Publications by authors named "Selena Y Smith"

21 Publications

  • Page 1 of 1

Fossil palm reading: using fruits to reveal the deep roots of palm diversity.

Am J Bot 2021 03 23;108(3):472-494. Epub 2021 Feb 23.

Department of Earth and Environmental Sciences & Museum of Paleontology, University of Michigan, Ann Arbor, MI, 48109, USA.

Premise: Fossils are essential for understanding evolutionary history because they provide direct evidence of past diversity and geographic distributions. However, resolving systematic relationships between fossils and extant taxa, an essential step for many macroevolutionary studies, requires extensive comparative work on morphology and anatomy. While palms (Arecaceae) have an excellent fossil record that includes numerous fossil fruits, many are difficult to identify due in part to limited comparative data on modern fruit structure.

Methods: We studied fruits of 207 palm species, representing nearly every modern genus, using X-ray microcomputed tomography. We then developed a morphological data set to test whether the fossil record of fruits can improve our understanding of palm diversity in the deep past. To evaluate the accuracy with which this data set recovers systematic relationships, we performed phylogenetic pseudofossilization analyses. We then used the data set to investigate the phylogenetic relationships of five previously published fossil palm fruits.

Results: Phylogenetic analyses of fossils and pseudofossilization of extant taxa show that fossils can be placed accurately to the tribe and subtribe level with this data set, but node support must be considered. The phylogenetic relationships of the fossils suggest origins of many modern lineages in the Cretaceous and early Paleogene. Three of these fossils are suitable as new node calibrations for palms.

Conclusions: This work improves our knowledge of fruit structure in palms, lays a foundation for applying fossil fruits to macroevolutionary studies, and provides new insights into the evolutionary history and early diversification of Arecaceae.
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http://dx.doi.org/10.1002/ajb2.1616DOI Listing
http://www.ncbi.nlm.nih.gov/pmc/articles/PMC8048450PMC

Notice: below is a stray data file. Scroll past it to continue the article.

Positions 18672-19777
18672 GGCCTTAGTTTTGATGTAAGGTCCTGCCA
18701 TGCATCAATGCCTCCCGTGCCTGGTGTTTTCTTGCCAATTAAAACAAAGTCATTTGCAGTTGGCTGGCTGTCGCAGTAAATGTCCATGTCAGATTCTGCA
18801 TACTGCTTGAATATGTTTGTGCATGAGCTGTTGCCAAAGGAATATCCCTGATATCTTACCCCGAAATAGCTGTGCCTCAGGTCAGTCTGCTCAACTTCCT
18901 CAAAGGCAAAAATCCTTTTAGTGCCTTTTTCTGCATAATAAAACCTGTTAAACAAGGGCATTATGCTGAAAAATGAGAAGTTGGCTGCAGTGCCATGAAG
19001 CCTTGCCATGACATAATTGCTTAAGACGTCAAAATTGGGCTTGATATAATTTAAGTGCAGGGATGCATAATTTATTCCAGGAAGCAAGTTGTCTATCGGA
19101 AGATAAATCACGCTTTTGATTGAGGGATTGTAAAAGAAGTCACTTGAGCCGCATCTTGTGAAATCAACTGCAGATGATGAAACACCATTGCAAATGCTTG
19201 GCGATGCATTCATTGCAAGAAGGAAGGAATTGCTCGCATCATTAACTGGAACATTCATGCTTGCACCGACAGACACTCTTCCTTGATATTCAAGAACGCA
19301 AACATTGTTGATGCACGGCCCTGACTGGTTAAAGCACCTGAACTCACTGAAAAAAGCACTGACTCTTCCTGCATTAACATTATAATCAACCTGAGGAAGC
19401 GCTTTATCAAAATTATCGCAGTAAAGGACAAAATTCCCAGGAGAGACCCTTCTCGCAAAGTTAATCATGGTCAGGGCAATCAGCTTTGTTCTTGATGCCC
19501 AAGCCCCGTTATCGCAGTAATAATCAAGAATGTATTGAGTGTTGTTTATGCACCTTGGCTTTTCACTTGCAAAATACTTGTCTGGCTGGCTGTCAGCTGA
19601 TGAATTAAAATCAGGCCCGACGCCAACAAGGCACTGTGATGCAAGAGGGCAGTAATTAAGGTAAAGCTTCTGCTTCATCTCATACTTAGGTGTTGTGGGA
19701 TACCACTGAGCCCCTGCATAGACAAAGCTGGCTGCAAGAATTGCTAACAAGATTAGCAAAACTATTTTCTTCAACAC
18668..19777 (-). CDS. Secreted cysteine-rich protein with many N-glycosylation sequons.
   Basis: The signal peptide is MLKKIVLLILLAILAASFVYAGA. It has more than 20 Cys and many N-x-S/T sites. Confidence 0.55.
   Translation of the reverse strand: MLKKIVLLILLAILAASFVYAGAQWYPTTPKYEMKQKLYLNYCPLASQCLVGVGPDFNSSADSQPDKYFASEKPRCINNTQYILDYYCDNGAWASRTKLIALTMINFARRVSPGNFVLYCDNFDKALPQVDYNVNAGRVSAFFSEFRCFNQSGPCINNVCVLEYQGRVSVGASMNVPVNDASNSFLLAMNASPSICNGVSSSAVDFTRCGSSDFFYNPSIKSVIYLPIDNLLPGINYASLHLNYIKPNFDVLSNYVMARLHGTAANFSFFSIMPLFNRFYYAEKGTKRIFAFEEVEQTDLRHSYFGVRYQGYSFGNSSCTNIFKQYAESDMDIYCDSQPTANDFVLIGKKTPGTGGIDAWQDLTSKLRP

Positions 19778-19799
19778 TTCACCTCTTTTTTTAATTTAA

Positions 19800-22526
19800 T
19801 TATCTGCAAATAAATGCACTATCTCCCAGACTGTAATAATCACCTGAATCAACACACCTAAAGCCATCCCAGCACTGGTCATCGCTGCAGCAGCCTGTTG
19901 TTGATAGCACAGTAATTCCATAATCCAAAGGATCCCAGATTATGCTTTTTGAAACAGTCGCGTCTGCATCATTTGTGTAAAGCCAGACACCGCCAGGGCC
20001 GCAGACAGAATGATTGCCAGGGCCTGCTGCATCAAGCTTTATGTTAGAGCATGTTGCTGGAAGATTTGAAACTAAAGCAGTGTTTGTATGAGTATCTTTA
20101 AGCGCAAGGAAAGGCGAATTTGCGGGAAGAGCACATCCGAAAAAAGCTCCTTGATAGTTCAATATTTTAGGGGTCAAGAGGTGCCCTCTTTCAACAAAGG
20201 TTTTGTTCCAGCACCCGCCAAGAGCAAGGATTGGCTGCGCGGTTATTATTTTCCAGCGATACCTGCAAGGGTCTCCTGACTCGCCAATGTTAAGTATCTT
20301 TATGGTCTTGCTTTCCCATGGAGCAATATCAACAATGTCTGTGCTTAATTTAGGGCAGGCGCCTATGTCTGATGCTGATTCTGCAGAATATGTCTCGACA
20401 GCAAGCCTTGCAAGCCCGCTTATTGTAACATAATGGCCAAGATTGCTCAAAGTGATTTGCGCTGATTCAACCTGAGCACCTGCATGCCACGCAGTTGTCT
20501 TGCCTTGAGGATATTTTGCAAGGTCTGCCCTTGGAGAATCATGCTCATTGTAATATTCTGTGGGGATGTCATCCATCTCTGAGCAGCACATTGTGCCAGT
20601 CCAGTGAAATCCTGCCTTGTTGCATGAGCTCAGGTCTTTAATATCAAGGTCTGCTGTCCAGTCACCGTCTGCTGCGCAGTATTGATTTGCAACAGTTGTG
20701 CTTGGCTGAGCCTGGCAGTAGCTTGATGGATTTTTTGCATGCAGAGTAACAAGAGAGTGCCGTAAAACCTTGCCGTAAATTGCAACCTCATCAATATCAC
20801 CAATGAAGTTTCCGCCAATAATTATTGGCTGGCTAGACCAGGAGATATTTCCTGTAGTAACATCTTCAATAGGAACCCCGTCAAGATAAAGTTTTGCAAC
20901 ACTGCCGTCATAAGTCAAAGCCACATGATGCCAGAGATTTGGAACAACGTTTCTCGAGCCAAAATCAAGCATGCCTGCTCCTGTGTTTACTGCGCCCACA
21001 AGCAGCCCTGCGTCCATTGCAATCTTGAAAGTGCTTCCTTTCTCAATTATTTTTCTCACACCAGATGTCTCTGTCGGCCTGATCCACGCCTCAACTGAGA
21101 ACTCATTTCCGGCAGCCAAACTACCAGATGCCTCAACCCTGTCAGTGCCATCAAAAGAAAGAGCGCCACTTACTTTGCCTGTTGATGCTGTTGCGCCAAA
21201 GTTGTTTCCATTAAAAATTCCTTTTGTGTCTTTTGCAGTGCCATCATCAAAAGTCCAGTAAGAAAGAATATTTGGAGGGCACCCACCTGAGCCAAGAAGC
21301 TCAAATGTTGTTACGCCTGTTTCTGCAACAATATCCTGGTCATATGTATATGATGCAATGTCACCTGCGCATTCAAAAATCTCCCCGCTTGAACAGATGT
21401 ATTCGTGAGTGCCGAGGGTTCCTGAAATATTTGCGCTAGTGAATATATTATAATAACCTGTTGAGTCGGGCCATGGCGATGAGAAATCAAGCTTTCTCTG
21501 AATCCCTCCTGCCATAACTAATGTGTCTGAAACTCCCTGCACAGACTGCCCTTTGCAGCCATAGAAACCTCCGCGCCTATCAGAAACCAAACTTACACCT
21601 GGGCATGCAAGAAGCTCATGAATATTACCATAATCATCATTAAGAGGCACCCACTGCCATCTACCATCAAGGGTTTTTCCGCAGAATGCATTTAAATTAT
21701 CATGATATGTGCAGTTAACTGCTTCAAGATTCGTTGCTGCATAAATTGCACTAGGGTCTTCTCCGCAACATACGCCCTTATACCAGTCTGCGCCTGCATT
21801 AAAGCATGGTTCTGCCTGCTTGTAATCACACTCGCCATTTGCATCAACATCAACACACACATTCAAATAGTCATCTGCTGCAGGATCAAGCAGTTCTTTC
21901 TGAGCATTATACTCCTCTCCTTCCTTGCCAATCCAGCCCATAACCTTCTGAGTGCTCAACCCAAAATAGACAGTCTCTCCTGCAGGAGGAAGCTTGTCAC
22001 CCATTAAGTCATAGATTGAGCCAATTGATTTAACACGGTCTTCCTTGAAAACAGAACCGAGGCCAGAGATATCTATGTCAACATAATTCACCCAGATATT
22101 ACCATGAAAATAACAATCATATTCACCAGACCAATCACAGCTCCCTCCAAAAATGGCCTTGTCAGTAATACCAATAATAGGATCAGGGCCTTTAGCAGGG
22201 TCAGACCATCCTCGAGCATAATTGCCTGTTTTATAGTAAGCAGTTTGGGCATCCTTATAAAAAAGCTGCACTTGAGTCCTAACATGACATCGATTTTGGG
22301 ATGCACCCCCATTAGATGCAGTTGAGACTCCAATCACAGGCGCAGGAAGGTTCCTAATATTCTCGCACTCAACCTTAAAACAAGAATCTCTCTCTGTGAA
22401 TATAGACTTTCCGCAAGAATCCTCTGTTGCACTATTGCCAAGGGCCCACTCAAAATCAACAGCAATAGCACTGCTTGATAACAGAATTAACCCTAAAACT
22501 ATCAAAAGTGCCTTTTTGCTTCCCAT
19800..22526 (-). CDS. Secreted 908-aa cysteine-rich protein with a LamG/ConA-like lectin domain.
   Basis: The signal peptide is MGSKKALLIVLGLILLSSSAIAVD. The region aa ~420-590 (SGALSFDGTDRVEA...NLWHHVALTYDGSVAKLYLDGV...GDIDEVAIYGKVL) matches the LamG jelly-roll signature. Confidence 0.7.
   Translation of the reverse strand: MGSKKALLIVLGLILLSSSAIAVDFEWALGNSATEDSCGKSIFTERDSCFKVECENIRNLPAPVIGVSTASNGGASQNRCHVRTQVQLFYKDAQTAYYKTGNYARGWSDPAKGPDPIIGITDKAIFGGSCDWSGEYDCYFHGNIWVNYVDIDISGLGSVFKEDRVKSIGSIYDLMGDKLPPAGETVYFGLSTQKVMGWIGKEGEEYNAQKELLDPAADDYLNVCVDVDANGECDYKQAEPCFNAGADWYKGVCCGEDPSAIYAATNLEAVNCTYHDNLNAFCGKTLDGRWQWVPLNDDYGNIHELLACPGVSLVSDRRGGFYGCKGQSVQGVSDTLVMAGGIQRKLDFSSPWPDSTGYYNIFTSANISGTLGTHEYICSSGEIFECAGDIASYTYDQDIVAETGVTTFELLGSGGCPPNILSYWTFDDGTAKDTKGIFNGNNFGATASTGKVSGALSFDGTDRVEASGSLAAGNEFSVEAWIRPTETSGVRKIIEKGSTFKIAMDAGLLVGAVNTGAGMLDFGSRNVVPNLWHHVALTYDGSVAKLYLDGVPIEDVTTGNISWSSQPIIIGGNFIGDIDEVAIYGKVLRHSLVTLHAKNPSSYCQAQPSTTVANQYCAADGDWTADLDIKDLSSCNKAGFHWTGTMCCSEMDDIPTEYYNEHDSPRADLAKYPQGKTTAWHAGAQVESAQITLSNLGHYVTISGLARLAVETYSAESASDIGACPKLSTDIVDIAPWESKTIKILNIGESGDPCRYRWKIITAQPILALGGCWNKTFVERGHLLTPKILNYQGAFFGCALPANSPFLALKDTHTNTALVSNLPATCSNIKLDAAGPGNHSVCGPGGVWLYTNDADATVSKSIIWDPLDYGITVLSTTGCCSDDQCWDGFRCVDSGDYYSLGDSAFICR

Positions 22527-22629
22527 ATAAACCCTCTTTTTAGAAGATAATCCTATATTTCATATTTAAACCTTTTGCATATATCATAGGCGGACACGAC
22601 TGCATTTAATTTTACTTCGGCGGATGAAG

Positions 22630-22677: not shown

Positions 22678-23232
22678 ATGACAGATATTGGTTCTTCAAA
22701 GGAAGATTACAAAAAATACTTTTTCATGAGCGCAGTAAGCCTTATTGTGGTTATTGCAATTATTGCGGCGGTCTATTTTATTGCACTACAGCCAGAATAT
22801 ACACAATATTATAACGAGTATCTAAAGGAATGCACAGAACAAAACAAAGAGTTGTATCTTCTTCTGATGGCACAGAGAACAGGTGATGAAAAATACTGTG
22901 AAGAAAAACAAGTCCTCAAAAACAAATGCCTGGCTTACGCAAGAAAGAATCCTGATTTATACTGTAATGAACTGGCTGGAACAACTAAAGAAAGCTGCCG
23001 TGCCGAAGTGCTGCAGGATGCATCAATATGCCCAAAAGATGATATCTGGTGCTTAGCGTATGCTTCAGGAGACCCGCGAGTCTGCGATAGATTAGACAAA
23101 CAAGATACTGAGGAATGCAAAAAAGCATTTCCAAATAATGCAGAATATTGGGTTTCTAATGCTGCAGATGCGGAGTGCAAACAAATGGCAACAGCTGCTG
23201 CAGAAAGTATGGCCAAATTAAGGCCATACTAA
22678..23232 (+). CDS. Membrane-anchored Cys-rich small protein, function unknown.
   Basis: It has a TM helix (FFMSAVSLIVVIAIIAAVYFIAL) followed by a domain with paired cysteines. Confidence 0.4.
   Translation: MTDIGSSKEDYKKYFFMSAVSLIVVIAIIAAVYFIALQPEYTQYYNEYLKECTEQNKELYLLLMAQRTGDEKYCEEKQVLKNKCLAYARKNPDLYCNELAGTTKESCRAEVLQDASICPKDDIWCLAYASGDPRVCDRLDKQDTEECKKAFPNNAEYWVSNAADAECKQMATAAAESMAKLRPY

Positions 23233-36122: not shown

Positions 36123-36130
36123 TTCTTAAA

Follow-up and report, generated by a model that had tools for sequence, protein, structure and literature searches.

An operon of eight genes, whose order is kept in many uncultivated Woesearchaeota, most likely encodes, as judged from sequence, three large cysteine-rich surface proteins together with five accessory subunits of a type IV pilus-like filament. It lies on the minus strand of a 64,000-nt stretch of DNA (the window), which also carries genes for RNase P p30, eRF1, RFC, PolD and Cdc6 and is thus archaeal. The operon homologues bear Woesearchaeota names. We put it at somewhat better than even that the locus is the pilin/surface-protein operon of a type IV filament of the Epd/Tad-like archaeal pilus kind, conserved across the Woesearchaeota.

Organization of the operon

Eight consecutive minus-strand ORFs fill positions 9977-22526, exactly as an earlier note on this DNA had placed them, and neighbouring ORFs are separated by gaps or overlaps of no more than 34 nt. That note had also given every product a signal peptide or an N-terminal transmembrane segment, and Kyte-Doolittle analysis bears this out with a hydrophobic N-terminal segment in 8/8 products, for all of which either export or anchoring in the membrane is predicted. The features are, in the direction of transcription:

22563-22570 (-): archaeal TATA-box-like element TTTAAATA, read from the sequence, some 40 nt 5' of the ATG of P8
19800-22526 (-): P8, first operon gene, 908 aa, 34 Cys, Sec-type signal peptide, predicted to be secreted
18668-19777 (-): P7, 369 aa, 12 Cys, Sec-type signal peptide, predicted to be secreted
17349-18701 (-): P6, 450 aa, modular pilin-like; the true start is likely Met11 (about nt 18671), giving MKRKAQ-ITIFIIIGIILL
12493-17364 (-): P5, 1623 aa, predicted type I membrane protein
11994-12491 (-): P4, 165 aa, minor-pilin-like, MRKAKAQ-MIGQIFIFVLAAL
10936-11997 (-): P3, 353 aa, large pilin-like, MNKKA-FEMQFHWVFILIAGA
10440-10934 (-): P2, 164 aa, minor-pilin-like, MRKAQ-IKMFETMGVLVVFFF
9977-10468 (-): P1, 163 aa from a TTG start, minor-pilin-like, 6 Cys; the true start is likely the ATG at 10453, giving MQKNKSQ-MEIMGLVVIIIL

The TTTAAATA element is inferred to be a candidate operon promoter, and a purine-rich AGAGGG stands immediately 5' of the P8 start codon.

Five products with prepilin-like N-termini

March 2021

C plant carbon isotope discrimination does not respond to CO concentration on decadal to centennial timescales.

New Phytol 2021 03 22;229(5):2576-2585. Epub 2020 Nov 22.

Department of Earth and Environmental Sciences, University of Michigan, Ann Arbor, 1100 N University Avenue, Ann Arbor, MI, 48109, USA.

Plant carbon isotope discrimination is complex, and could be driven by climate, evolution and/or edaphic factors. We tested the climate drivers of carbon isotope discrimination in modern and historical plant chemistry, and focus in particular on the relationship between rising [CO ] over Industrialization and carbon isotope discrimination. We generated temporal records of plant carbon isotopes from museum specimens collected over a climo-sequence to test plant responses to climate and atmospheric change over the past 200 yr (including Pinus strobus, Platycladus orientalis, Populus tremuloides, Thuja koraiensis, Thuja occidentalis, Thuja plicata, Thuja standishii and Thuja sutchuenensis). We aggregated our results with a meta-analysis of a wide range of C plants to make a comprehensive study of the distribution of carbon isotope discrimination and values among different plant types. We show that climate variables (e.g. mean annual precipitation, temperature and, key to this study, CO in the atmosphere) do not drive carbon isotope discrimination. Plant isotope discrimination is intrinsic to each taxon, and could link phylogenetic relationships and adaptation to climate quantitatively and over ecological to geological time scales.
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http://dx.doi.org/10.1111/nph.17030DOI Listing
March 2021

Cornalean affinities, phylogenetic significance, and biogeographic implications of Operculifructus infructescences from the Late Cretaceous (Campanian) of Mexico.